I really hope that one day we no longer have to read stories like this. I hope that one day better training means that drivers are more responsible on the road. Until that day: be safe, and keep it on the track!

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In case you needed more proof that the driver’s education program is broken

Posted by lapearce on December 1, 2009

I just had this conversation with a fifteen-year-old:

Teen: I just finished drivers ed last night D

Me: Congrats, how was the class?

Teen: Well it was online, I listened to music, watched tv and used the book, aka didn’t learn s**t.

Me: That is exactly what is wrong with the system

Teen: It was free and offered through school

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Parents’ driving effect how teens drive

Posted by lapearce on November 23, 2009

What bad habits are you teaching your children?

Are you a good driver? Do you use your turn blinker, follow at a safe distance, obey speed limits… do you use your phone while you drive, do you yell at other drivers, do you drive without your seat belt? If you have children, you should probably review how you drive, not just for the safety of your children today, but for the sake of their driving future.

While we may think that teenagers strive to be nothing like their parents, when it comes to driving, teens look up to their parents more than anyone else. “If children grow up watching their Mum or Dad talk, text and email on their mobiles while driving, they’re going to think it’s okay to do the same thing.” says Peter Rodger chief examiner of the Institute of Advanced Motorists in the UK.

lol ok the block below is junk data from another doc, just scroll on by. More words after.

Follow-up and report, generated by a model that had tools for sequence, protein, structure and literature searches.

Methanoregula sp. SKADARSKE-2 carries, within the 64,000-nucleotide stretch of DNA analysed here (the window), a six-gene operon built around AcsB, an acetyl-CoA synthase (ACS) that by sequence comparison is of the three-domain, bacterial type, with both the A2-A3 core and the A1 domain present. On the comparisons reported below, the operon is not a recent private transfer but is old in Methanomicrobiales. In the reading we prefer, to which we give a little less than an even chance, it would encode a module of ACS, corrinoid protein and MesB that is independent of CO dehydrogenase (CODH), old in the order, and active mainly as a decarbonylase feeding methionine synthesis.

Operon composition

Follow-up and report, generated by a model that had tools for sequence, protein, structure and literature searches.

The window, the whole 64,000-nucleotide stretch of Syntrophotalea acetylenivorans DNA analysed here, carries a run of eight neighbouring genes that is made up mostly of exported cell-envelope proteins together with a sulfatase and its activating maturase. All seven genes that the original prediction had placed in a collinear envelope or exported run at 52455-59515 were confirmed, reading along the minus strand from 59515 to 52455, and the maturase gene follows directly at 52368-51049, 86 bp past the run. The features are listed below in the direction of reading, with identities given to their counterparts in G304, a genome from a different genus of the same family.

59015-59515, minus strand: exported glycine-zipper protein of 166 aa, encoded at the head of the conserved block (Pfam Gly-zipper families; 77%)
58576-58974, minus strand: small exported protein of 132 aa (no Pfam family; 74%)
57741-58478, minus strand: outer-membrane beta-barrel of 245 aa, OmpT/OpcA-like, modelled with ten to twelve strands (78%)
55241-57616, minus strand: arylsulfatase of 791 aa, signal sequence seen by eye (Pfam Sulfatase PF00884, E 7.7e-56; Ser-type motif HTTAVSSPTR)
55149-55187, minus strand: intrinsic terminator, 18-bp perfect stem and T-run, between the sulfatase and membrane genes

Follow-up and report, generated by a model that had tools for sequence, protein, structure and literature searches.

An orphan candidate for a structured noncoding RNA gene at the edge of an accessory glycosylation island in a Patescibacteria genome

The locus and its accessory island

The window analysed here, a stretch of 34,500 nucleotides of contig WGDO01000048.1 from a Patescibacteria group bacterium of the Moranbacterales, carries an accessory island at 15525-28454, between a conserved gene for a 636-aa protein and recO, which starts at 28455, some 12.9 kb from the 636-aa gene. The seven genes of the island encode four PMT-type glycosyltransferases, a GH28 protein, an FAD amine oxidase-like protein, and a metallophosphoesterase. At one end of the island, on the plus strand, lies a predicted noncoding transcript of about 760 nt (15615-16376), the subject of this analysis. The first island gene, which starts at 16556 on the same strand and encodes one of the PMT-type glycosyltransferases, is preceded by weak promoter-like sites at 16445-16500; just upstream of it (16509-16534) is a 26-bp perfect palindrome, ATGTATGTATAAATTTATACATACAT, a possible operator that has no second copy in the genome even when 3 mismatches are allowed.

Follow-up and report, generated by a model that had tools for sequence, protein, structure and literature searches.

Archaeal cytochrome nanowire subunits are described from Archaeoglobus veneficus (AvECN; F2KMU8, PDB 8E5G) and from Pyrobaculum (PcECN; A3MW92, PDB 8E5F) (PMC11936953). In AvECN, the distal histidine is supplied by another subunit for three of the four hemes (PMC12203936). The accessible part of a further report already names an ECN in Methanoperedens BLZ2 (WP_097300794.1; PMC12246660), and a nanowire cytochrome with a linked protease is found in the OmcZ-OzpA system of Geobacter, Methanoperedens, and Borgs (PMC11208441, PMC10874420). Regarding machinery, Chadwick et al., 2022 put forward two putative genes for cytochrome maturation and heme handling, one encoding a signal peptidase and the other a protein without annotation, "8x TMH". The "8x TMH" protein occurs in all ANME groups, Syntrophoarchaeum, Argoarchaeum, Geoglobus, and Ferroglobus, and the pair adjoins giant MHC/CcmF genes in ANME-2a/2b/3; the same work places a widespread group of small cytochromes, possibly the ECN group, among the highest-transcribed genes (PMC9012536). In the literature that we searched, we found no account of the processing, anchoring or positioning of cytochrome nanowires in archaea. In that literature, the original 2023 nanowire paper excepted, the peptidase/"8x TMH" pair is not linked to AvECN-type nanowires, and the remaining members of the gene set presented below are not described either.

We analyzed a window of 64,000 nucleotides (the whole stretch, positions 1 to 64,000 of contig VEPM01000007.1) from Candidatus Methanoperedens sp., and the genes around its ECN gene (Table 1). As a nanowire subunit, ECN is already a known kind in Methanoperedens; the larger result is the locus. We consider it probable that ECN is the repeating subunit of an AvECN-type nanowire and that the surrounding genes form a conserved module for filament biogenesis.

Rodger says that children start to take note of their parents driving style from a young age. Even if you enforce seat belt use for your children, if you don’t wear one, your child will likely not buckle up when they start driving.

A US based study done by Liberty Mutual and SADD (Students Against Destructive Decisions) found that 60% of high school students said their parents are the biggest influence on their driving. Younger children report even higher numbers, showing they are watching you long before they are able to drive themselves.

So 60% of teens look up to their parents as the number one influence on their driving, yet:

  • 62% say their parents talk on the phone while driving
  • 48% say their parents speed
  • 31% say their parents don’t wear seat belts

So perhaps it’s not surprising to learn that:

  • 62% of teens talk on the phone while driving (half of those who don’t yet drive think they will too)
  • 67% speed (65% of non drivers think they will)
  • 33% don’t wear seat belts (28% of non drivers say they won’t)

The numbers are too close to be coincidence. This is why our driving program involves parents. Many of the safe driving tips we teach were not taught to parents, or have been forgotten. When parents are involved the crash risk drops substantially among teen drivers. If parents put forth a good example for their teens, crash rates drop even more. Before you do something unsafe on the road look in the back seat: will your decision effect more than just you?

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Recap of the teen driving panel at Vistamar high school

Posted by lapearce on November 19, 2009

 

Judy speaking to 150 parents and teens

Driving Concepts Foundation had the honor of being invited to be part of a panel discussion on teen driving at Vistamar High School in El Segundo California. Our founder, Judy Ray, a member of Students Against destructive Decisions (SADD), an insurance agent and two police officers made up the panel. After introductions and a few questions the attention was turned to questions from the audience.